Stanley Fish on the Cross of Doubt

The religions I know are about nothing but doubt and dissent, and the struggles of faith, the dark night of the soul, feelings of unworthiness, serial backsliding, the abyss of despair. Whether it is the book of Job, the Confessions of St. Augustine, Calvin’s Institutes, Bunyan’s “Grace Abounding to The Chief of Sinners,” Kierkegaard’s “Fear and Trembling” and a thousand other texts, the religious life is depicted as one of aspiration within the conviction of frailty. The heart of that life, as Eagleton reminds us, is not a set of propositions about the world (although there is some of that), but an orientation toward perfection by a being that is radically imperfect.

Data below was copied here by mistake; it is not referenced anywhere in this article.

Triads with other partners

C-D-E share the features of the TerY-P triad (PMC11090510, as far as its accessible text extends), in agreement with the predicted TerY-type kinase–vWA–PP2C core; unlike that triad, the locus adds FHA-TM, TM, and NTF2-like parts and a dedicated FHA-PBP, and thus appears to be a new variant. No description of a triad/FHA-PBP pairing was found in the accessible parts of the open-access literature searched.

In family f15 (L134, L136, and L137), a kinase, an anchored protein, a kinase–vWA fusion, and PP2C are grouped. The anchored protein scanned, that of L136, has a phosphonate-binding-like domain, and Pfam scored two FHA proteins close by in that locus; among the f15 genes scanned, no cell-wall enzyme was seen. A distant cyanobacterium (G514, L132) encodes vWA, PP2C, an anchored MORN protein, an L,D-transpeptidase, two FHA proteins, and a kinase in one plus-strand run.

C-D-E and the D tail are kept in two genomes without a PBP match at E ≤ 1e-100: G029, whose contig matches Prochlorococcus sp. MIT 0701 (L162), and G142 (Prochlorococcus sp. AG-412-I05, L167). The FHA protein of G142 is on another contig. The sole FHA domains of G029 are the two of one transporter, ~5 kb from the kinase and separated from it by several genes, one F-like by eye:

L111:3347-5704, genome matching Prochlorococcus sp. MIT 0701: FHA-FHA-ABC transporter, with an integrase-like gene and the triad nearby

About Santi Tafarella

I teach writing and literature at Antelope Valley College in California.
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1 Response to Stanley Fish on the Cross of Doubt

  1. Diane says:

    Virgil is Dante’s guide in the first part of the Divine Comedy where, “In the middle of the road of my life I awoke in the dark wood where the true way was wholly lost…

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